'Smart' Home Platform Wink Changes The Deal, Suddenly Imposes Subscription Fees

from the nickel-and-dime dept

Time and time again we've highlighted how in the modern era you don't really own the hardware you buy. In the broadband connected era, firmware updates can often eliminate functionality promised to you at launch, as we saw with the Sony Playstation 3. And with everything now relying on internet connectivity, companies can often give up on supporting devices entirely, often leaving users with very expensive paperweights as we saw after Google acquired Revolv.

And with the world shifting toward a "service as a subscription" model for everything, the products you buy can also suddenly cost you far more than the original value proposition suggested. Users who spent money to outfit their home with hardware from Wink learned this the hard way, when the company suddenly announced users would need to start paying a $5 per month subscription fee if they wanted the company's "smart" home products to keep working.

According to a company blog post, users who don't pay the fee will "no longer be able to access your Wink devices from the app, with voice control or through the API," and all automations will be disabled on May 13. The blog post also attempts to explain that because the company doesn't rampantly monetize your personal data (something it's routinely hard for consumers to verify), the fee is necessary to keep the lights on:

"Wink has taken many steps in an effort to keep your Hub’s blue light on, however, long term costs and recent economic events have caused additional strain on our business. Unlike companies that sell user data to offset costs associated with offering free services, we do not. Data privacy is one of Wink’s core values, and we believe that user data should never be sold for marketing or any purpose."

Granted until late last week, "mo monthly fees" was part of the company's marketing pitch:

Users who spent significant money on the Wink smart home platform under the promise of "no monthly fees" were given just seven days to decide if they wanted to pay the subscription, or deal with the headache of finding an entirely new smart home platform (during a pandemic, no less). Given they're not seeing refunds in the face of this head fake, many aren't particularly amused or impressed:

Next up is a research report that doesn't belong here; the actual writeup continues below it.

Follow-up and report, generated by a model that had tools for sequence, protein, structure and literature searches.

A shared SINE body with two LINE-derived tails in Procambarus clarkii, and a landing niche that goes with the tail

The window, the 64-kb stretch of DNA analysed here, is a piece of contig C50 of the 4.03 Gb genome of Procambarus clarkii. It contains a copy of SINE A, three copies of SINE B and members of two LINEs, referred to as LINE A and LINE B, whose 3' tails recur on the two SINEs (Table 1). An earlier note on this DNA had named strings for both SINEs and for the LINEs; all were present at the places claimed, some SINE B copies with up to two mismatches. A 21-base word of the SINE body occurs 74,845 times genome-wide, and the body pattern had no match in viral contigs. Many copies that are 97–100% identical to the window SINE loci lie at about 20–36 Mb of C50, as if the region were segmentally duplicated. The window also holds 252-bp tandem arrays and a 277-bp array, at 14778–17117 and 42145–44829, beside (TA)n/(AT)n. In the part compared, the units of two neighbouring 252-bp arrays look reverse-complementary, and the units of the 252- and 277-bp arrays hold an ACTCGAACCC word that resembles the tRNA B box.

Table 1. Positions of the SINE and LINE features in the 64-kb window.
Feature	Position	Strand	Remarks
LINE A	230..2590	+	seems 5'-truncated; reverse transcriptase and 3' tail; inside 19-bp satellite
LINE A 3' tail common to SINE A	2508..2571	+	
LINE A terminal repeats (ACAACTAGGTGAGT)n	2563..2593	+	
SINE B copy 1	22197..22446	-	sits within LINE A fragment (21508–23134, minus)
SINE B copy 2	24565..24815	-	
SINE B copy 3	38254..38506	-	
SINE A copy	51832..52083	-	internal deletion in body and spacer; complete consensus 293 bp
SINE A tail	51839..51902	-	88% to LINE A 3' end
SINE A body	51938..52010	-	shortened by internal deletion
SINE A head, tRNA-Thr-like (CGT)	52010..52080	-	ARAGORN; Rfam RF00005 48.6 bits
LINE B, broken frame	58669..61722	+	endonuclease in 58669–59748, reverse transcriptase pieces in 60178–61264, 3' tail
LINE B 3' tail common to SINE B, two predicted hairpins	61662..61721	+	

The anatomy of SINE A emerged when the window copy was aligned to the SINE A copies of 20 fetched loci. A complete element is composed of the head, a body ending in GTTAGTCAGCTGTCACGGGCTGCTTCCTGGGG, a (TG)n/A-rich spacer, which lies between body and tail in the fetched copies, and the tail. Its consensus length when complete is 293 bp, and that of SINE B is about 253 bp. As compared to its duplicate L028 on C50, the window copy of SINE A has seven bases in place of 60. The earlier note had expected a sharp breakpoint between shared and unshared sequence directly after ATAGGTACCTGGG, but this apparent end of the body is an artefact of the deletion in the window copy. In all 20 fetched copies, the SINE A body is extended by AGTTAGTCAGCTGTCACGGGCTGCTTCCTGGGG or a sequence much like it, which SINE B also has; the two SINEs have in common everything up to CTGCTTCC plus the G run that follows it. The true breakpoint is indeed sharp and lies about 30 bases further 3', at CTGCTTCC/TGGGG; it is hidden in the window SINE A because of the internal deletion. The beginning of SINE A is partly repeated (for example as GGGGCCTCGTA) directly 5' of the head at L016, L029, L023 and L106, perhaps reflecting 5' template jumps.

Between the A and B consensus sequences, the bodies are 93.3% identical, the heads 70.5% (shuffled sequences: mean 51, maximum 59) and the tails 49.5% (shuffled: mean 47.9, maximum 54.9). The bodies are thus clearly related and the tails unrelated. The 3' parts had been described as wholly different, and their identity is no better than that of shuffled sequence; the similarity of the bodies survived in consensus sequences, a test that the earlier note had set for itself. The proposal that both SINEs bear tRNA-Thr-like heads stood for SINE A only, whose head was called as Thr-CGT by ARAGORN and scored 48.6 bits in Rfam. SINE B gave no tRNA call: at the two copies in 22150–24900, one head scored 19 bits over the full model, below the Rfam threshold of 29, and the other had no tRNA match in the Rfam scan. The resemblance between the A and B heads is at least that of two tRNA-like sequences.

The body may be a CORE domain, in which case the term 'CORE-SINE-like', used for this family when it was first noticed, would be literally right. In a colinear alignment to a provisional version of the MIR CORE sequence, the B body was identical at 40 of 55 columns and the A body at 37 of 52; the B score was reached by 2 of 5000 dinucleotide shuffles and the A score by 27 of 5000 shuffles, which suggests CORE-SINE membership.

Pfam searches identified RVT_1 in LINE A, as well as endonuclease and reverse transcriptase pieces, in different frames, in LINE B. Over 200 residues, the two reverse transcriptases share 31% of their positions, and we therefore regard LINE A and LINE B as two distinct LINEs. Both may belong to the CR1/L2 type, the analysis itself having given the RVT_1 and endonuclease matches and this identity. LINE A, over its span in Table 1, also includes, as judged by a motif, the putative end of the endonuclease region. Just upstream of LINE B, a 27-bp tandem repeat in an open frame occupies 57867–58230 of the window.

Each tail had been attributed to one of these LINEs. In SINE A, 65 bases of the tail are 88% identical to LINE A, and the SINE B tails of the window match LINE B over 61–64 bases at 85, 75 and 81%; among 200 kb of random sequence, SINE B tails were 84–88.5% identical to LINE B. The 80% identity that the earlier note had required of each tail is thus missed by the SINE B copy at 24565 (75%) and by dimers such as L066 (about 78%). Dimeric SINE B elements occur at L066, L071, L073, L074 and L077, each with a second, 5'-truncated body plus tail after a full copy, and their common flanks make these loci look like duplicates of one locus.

Reports had suggested that the company had been having trouble paying its employees since last fall. Given the added economic strain from the pandemic, it's possible that the company might not be operational down the road, meaning users will get bilked first by added fees, then potentially lose functionality anyway should the company fall apart completely. It's yet another shining example of how dumber technology often remains the smarter option in a world where your IOT product value equation and functionality can pivot on a dime, often for the worse.

Hide this

Thank you for reading this Techdirt post. With so many things competing for everyone’s attention these days, we really appreciate you giving us your time. We work hard every day to put quality content out there for our community.

Techdirt is one of the few remaining truly independent media outlets. We do not have a giant corporation behind us, and we rely heavily on our community to support us, in an age when advertisers are increasingly uninterested in sponsoring small, independent sites — especially a site like ours that is unwilling to pull punches in its reporting and analysis.

While other websites have resorted to paywalls, registration requirements, and increasingly annoying/intrusive advertising, we have always kept Techdirt open and available to anyone. But in order to continue doing so, we need your support. We offer a variety of ways for our readers to support us, from direct donations to special subscriptions and cool merchandise — and every little bit helps. Thank you.

–The Techdirt Team

Filed Under: based, false advertising, iot, no monthly fees, ownership, smart devices, subscription
Companies: wink


Reader Comments

Subscribe: RSS

View by: Thread


  1. identicon
    Anonymous Coward, 12 May 2020 @ 1:19pm

    Re:

    Charging money directly contradicts their advertising, and we can expect this to end with a strongly-worded warning from the FTC that they'll be in trouble if they do this again (which they won't, because they'll be dead by then).

    It is nevertheless unwise of customers to buy a product that requires a continuing subscription. What happens when the terms change in a way that does not directly contradict their advertising? Maybe they'll require you to agree to waive your class action rights, send them a scan of your government ID, only sue in person in Alaska, whatever.

    Or maybe the company will simply lose interest in this "old" product and shut down the servers you depend on, or will forget about it when they get bought out, or will go bankrupt. Which happens all the time with this type of product. I'll bet there are more defunct server-dependent products from 5 years ago than there are still-working ones.


Add Your Comment

Have a Techdirt Account? Sign in now. Want one? Register here



Subscribe to the Techdirt Daily newsletter




Comment Options:

  • Use markdown. Use plain text.
  • Remember name/email/url (set a cookie)

Follow Techdirt
Special Affiliate Offer

Essential Reading
Techdirt Deals
Report this ad  |  Hide Techdirt ads
Techdirt Insider Chat
Recent Stories
.

This site, like most other sites on the web, uses cookies. For more information, see our privacy policy. Got it
Close

Email This

This feature is only available to registered users. Register or sign in to use it.